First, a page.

From Mail Nothing to the Tate Modern at No Soul Sale, presented at Rhizome‘s square.
It’s funny because even though colour is one of my preferred topics of consideration in art making, I share with you yet another interest, this time in re-purposing the Internet in such a way that it does not elicit participation as a compulsory process, but rather draws from its resources and protocols to facilitate detournements that ultimately show how concepts of distribution reveal and conceal what we value or are compelled to value, or more basically what we see or are compelled to see.
From Souvenirs (Albania). The T-Shirt reads – “My friend came from America and all she brought me was this lousy T-shirt.”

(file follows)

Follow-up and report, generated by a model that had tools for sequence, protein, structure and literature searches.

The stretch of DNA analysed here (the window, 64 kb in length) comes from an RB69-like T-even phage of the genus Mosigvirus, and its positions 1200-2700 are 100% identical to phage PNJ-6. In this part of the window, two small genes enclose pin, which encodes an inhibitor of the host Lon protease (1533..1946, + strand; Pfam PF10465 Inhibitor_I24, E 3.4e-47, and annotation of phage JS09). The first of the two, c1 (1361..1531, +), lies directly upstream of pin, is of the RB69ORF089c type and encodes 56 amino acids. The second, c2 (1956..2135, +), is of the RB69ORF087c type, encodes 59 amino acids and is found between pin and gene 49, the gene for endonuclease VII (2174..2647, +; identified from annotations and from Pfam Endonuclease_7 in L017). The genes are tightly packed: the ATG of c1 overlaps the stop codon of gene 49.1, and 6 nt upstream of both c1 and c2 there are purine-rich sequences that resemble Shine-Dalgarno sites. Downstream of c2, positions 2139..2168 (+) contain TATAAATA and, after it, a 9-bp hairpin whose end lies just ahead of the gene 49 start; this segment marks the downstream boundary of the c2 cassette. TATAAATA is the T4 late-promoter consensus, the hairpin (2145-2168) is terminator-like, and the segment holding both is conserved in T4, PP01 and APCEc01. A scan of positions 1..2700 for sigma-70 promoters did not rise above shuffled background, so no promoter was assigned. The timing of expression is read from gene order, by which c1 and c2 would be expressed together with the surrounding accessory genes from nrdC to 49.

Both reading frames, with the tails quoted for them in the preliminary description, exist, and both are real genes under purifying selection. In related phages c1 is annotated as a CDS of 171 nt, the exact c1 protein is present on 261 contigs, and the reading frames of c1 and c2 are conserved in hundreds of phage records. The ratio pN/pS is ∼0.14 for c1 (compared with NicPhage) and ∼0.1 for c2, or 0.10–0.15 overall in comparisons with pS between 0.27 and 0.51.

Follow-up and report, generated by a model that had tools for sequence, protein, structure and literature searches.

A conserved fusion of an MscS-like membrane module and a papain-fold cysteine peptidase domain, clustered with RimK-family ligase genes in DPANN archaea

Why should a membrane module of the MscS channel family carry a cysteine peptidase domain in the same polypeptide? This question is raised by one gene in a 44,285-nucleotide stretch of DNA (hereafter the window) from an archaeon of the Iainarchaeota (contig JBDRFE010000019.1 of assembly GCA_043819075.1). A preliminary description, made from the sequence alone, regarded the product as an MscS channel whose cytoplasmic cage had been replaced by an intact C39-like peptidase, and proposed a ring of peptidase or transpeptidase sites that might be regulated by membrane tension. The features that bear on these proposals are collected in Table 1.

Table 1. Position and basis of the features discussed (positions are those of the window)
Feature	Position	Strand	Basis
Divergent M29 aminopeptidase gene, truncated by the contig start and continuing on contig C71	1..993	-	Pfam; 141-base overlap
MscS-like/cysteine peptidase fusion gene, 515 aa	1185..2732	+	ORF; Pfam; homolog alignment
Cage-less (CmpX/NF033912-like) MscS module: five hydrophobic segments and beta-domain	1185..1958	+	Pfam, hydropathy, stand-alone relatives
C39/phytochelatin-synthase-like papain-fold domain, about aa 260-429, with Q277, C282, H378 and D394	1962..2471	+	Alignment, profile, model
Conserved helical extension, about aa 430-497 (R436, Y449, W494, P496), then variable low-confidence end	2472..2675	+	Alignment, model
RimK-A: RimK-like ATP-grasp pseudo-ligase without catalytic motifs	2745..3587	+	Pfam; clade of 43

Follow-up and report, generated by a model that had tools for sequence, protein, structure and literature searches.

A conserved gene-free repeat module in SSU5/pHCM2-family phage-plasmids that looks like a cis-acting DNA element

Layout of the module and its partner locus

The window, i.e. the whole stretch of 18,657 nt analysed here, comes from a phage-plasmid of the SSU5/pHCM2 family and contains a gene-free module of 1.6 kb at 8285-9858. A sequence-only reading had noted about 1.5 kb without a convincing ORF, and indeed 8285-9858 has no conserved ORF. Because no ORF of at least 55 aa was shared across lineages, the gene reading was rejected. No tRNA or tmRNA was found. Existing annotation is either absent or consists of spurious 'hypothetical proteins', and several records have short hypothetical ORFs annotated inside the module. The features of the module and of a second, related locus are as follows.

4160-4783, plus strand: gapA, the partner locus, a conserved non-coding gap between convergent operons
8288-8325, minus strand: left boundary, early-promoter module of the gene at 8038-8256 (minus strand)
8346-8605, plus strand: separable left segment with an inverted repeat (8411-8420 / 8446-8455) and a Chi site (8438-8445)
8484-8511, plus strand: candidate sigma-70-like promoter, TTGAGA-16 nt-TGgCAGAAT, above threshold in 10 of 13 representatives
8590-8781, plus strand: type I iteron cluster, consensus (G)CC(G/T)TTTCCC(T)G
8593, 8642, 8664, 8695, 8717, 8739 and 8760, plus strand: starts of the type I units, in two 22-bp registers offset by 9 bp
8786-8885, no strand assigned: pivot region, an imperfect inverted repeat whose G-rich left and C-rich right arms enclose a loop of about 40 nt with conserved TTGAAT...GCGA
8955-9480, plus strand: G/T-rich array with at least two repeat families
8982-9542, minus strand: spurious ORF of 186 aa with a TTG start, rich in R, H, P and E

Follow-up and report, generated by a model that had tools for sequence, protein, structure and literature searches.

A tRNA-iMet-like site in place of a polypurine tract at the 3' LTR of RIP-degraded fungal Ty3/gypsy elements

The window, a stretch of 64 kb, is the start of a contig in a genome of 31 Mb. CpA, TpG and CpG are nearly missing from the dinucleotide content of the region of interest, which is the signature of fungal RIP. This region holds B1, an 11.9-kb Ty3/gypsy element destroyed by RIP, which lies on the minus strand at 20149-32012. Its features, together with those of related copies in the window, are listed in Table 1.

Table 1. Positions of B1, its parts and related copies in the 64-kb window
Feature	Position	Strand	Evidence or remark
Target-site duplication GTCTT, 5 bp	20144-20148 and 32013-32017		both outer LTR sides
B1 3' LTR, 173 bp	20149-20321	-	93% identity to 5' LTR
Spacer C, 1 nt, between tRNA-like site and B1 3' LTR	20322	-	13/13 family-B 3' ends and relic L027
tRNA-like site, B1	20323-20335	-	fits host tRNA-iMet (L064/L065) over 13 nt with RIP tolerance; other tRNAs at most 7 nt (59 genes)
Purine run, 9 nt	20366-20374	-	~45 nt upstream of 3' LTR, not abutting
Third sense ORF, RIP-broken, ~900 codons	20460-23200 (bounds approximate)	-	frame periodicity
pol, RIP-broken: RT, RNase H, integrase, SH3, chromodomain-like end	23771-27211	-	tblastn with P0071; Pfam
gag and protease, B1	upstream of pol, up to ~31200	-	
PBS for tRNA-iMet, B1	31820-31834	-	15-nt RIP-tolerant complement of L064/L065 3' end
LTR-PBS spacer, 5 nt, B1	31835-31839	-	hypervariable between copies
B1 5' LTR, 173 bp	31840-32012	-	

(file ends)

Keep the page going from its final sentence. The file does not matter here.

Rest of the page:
From Carry-On at Galerie West in Den Haag, Holland.
DH: I just had a massage the other day! I went with Virginija Januskevicite to the Philadelphia Museum of Art to see the Michelangelo Pistoletto exhibition. Because the traffic was so bad coming back to New York, we went straight to Chinatown for a thirty minute massage to decompress our bodies. Have you ever noticed the plastic bags in New York’s Chinatown? They are a bright pinkish orange. I don’t know its history, why it came that that color was to be used, but every time my eye registers that bright translucent orange pink I immediately think, “Chinatown.” Sometimes if you look down Mott Street you see everyone holding splotches of that color.